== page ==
Gayton le Wold

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Gayton le Wold
Gayton-le-Wold Church - geograph.org.uk - 186178.jpg
Church of St Peter, Gayton le Wold
Gayton le Wold is located in Lincolnshire
Gayton le Wold
Gayton le Wold
Location within Lincolnshire
OS grid referenceTF236860
• London127 mi (204 km) S
Civil parish
  • Gayton le Wold
District
Shire county
Region
CountryEngland
Sovereign stateUnited Kingdom
Post townLOUTH
Postcode districtLN11
Dialling code01507
PoliceLincolnshire
FireLincolnshire
AmbulanceEast Midlands
EU ParliamentEast Midlands
UK Parliament
List of places
UK
England
Lincolnshire
53°21′25″N 0°08′34″W / 53.356806°N 0.142856°W / 53.356806; -0.142856Coordinates: 53°21′25″N 0°08′34″W / 53.356806°N 0.142856°W / 53.356806; -0.142856

Gayton le Wold is a village and civil parish in the East Lindsey district of Lincolnshire, England. It lies 6 miles (10 km) west from Louth, 3 miles (5 km) north from Donington on Bain, and to the south of the A157. The parish includes Biscathorpe 1 mile (1.6 km) to the south-west.

According to A Dictionary of British Place Names, Gayton derives from "a farmstead where goats are kept" being the Old Scandinavian 'geit' with 'tūn', the 'le' standing in for 'on the' wold(s). In the Domesday Book Gayton le Wold is written as "Gedtune" or "Gettune".[1][2] The manor was in the Louthesk Hundred of the South Riding of Lindsey. There were 22 households, four smallholders, 18 freemen, four ploughlands, one church, and a meadow of 50 acres (0.2 km2). Before the Conquest lordship was held by Queen Edith, and after, King William who was also his own Tenant-in-chief.[3]

Gayton le Wold is recorded in the 1872 White's Directory as a small scattered village, and a parish with a population of 115 in an area of 1,139 acres (4.6 km2) "of fertile land". At the time the manor and Soke of Gayton, of which Grimoldsby (Grimoldby), Manby and the three parishes at Saltfleetby were also part, was a parcel of land held under the Honour of Richmond Fee, a Yorkshire feudal barony dating to the 11th century. The small brick building of St Peter's Church, rebuilt in 1775 with seating for sixty, consisted of a nave, chancel and bell turret. The incumbency was under a discharged rectoryecclesiastical parish revenues (annates) kept within the parish – and was united with the parish of Biscathorpe. This joint benefice was in the gift of the Lord Chancellor (William Wood, 1st Baron Hatherley). The rector resided at Biscathorpe and was also the rector of Calcethorpe. Parish tithes - typically one-tenth of the produce or profits of the land given to the rector for his services - were commuted in 1841 under the 1836 Tithe Commutation Act, and substituted at Gayton with a £250 yearly rent-charge payment. People in Grimblethorpe, which was part of Gayton parish, attended Gayton church. The principal inhabitants of Gayton in 1872 were the residents of Gayton Grange, Gayton Manor, and the Manor House, all of whom were farmers, and a blacksmith.[4]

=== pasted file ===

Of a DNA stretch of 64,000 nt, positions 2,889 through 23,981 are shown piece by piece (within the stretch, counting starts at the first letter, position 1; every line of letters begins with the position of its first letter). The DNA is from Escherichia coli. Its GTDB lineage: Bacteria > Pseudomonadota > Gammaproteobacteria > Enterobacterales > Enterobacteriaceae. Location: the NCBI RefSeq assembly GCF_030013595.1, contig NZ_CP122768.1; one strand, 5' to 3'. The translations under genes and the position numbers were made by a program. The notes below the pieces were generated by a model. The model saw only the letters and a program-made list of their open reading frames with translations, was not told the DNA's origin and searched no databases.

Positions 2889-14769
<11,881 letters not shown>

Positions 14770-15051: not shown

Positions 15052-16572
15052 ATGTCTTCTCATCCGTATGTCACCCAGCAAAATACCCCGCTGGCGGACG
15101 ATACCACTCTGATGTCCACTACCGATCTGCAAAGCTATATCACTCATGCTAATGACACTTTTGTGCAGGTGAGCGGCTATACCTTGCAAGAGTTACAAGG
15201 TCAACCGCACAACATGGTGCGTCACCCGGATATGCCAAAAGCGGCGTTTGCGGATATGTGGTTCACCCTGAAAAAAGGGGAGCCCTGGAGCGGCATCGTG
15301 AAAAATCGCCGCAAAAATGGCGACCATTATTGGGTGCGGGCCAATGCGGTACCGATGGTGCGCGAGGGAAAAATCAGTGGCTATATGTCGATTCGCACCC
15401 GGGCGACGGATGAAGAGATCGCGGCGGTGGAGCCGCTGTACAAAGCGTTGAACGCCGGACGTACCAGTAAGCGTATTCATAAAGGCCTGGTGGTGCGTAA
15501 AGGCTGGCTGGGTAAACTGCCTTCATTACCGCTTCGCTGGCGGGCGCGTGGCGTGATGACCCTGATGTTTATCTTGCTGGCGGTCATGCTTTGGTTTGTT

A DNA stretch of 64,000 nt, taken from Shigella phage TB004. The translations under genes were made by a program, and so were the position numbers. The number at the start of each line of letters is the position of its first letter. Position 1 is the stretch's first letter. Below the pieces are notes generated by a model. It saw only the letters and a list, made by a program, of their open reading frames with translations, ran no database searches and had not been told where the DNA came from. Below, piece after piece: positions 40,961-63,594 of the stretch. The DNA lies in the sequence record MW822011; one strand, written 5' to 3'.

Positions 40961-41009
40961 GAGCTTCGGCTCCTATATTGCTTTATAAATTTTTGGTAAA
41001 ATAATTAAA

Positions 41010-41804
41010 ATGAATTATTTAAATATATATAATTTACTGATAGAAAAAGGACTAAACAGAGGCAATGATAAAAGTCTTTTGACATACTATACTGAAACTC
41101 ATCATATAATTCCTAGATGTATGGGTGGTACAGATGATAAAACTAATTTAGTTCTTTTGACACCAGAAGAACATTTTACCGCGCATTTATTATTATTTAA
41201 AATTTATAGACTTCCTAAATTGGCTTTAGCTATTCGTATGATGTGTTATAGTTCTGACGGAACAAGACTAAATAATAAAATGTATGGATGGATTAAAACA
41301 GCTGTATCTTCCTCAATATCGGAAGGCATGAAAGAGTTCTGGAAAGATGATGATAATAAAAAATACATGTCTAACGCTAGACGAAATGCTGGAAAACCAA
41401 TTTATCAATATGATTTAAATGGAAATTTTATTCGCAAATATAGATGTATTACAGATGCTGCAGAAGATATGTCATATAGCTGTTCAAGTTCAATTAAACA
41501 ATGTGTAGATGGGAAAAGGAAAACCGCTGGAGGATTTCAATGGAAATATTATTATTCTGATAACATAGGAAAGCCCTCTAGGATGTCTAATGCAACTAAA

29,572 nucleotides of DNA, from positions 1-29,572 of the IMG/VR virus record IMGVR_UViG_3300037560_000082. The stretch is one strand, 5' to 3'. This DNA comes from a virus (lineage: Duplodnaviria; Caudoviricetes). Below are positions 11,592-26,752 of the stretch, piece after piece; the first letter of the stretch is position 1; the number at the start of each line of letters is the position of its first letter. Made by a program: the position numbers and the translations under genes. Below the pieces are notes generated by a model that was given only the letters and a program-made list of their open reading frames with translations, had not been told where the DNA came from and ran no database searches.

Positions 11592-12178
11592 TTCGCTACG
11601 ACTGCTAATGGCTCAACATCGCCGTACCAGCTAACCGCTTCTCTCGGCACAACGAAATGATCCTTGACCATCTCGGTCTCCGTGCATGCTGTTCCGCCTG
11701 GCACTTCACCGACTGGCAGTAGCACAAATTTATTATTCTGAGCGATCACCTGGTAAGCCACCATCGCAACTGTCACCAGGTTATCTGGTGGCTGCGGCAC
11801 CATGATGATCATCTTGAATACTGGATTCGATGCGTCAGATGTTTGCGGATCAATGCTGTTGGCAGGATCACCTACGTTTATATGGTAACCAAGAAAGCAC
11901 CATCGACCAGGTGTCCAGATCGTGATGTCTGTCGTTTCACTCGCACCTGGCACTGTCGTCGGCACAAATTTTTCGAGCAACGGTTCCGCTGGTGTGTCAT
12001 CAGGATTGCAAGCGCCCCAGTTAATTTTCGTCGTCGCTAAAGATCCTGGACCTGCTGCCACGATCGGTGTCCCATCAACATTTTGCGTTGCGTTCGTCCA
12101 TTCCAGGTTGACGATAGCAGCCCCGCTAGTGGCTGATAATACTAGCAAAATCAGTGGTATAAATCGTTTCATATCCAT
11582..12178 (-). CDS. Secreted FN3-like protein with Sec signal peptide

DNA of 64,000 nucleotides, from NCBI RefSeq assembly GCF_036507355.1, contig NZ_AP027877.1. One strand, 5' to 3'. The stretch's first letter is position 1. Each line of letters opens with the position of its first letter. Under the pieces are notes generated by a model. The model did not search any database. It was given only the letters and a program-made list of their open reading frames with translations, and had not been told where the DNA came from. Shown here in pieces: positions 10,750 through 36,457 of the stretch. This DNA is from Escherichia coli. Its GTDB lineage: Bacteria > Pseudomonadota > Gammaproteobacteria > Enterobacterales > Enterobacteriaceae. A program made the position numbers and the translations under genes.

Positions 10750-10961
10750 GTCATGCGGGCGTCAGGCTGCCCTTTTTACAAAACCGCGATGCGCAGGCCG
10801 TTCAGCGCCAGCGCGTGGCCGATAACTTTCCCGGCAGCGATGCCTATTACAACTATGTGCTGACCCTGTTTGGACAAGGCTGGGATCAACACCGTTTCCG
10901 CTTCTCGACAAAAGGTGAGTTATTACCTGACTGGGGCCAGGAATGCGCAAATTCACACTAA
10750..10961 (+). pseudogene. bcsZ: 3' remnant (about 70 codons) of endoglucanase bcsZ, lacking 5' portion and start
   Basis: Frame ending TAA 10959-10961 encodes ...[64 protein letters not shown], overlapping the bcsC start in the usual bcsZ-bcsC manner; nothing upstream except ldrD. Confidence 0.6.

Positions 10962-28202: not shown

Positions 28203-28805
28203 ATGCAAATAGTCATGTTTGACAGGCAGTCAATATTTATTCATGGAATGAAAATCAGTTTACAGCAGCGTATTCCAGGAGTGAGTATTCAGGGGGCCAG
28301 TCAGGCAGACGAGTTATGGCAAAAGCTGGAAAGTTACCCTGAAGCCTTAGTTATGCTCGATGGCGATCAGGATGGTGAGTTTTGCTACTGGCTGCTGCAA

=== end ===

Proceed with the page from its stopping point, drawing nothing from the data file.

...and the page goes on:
Gayton le Wold Grade II listed Anglican parish church is dedicated to St Peter.[5] Built of red brick in 1775, it was restored in 1888.[6] Further Grade II listings are for c.1830 Gayton Manor House and c.1620 Grimblethorpe Hall, both with their associated buildings.[7]

In the 19th century the Wesleyans and Free Methodists had chapels in the village.[8]

References[edit]

  1. ^ Mills, Anthony David (2003); A Dictionary of British Place Names, Oxford University Press, revised edition (2011), p.202. ISBN 019960908X
  2. ^ "Documents Online: Gayton le Wold, Lincolnshire", Folios: 338v, 375r, Great Domesday Book; The National Archives. Retrieved 23 December 2011
  3. ^ Gayton [-le- Wold] in the Domesday Book. Retrieved 23 December 2011.
  4. ^ White, William (1872), Whites Directory of Lincolnshire, p.391
  5. ^ Historic England. "Church of St Peter (1063138)". National Heritage List for England. Retrieved 29 June 2011.
  6. ^ Cox, J. Charles (1916) Lincolnshire p. 136; Methuen & Co. Ltd
  7. ^ "Gayton le Wold", British Listed Buildings. Retrieved 29 June 2011
  8. ^ Kelly's Directory of Lincolnshire with the port of Hull 1885, p. 413

External links[edit]